1) A moment ago I made the comment that a standard acceptable portion of meat is around 4oz. As Americans we tend to look at a chicken breast and assume that it, in itself, is a serving. But you see, over the past 20 years, commodity chicken farmers have *learned* how to plump up their chickens* After weighing out each of the hmm... Twelve single breast halves I purchased, I can assure you that each one of them contained 3-4 reasonable servings of meat. So, the first thing I did was to cut them all into appropriate sizes using my kitchen scale. They averaged 4 oz. Quantity: check.
*It goes without saying, here, that organic, "pastured" chicken would be HIGHLY superior in both taste and health-attributes to commodity purchased chicken breast. If you have access and the means to support sustainable meat practices, (i.e. a meat co-op, or CSA program) PLEASE DO SO. Otherwise, keep a keen eye on portion size and remember: whatever went into that meat, is also going into you.

2) In order to increase the quality of my chicken, I did what the Tyson folks do: I brined it. Gasp! Yes, I soaked it overnight in a salt/sugar/citrus/herb solution and you WOULD NOT BELIEVE how juicy, moist, and tasty it is. Here's my recipe
  • Fill your soup pot half full of water.
  • Add to that a half cup salt, and a half cup brown sugar. stir it until it disolves.
  • Add to that one large orange, cut up into 8 or so pieces, and one large lemon, cut the same.
  • Stir in some thyme, and some rosemarry.
  • Add all your raw chicken pieces. Top off with water to cover.
  • Refrigerate overnight (12-16 hours, give or take)
After all my chicken brined, I separated it out into one-quart freezer bags, each containing four adult portions. I found I had enough for roughly 35 single servings, plus about 4 servings of stir-fry chunks (trim pieces). In our home, that equates to 16-18 full meals. Was it worth the 45 minutes it took me to get all that prep done/mess cleaned up? When you consider my approximate $14.04 in savings over buying frozen whole breasts (which would need to be thawed/de-ice-glazed/cut into appropriate sizes anyhow), I'd say $17.55 an hour is a wage worth working for. But, you be the judge.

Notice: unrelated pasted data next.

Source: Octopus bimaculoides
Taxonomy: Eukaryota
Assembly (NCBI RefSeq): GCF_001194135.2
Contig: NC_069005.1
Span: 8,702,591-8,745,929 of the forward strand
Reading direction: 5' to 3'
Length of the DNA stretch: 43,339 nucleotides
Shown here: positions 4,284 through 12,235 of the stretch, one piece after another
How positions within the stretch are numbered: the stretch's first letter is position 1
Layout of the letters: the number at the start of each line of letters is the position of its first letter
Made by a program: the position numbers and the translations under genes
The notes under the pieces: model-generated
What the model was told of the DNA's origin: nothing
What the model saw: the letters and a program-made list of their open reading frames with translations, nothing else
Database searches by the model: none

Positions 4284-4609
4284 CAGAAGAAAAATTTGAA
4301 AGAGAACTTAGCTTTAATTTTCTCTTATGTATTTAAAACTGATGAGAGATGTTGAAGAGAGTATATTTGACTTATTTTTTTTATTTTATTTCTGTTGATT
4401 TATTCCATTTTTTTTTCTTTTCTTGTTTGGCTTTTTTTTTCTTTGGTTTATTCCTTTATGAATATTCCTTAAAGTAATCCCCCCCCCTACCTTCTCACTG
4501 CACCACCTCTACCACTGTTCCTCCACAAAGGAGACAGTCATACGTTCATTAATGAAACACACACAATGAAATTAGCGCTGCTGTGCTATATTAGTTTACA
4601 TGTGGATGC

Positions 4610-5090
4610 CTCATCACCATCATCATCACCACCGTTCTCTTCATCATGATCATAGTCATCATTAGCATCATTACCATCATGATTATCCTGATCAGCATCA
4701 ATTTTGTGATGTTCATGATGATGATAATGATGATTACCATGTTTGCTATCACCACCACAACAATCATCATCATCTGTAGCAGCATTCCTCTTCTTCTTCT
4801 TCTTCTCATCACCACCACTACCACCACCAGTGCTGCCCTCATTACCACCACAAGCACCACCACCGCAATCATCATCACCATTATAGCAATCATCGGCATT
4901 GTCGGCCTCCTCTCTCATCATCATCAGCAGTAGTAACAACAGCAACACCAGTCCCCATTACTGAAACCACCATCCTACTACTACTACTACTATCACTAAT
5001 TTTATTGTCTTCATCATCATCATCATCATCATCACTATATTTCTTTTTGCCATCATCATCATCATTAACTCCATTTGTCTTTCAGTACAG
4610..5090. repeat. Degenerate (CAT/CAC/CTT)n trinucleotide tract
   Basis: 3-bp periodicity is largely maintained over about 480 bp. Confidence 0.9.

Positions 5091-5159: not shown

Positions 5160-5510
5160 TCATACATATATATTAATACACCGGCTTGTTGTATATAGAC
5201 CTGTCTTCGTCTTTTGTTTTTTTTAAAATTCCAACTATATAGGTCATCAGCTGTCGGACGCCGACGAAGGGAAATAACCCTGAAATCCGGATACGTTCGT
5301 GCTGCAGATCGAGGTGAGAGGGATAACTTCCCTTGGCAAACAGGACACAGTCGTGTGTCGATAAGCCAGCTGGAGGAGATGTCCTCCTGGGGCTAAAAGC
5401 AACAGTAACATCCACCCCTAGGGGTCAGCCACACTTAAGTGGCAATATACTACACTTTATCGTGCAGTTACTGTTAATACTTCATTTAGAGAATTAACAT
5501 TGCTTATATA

Now it shouldn't go without noting that, no matter WHAT you're talking about grocery wise, there is always a cheaper option. The cheaper option in this case is to forget the chicken breast, and buy a cheaper cut. Or, forgo the cut chicken, and opt for a whole bird (roughly $99/lb on sale, but those pounds include skin and bones, and other parts you'll throw away). And beans are another inexpensive option.

This may seem tedious, and maybe it's not for you. I understand - some of us wierdos just have a proclivity for making something very small seem like a very big deal. Forgive me if it looks as though I'm trying to split hairs. In our household though, we're making a (very conscious) effort to stay on track financially, and here, meat is a part of that plan.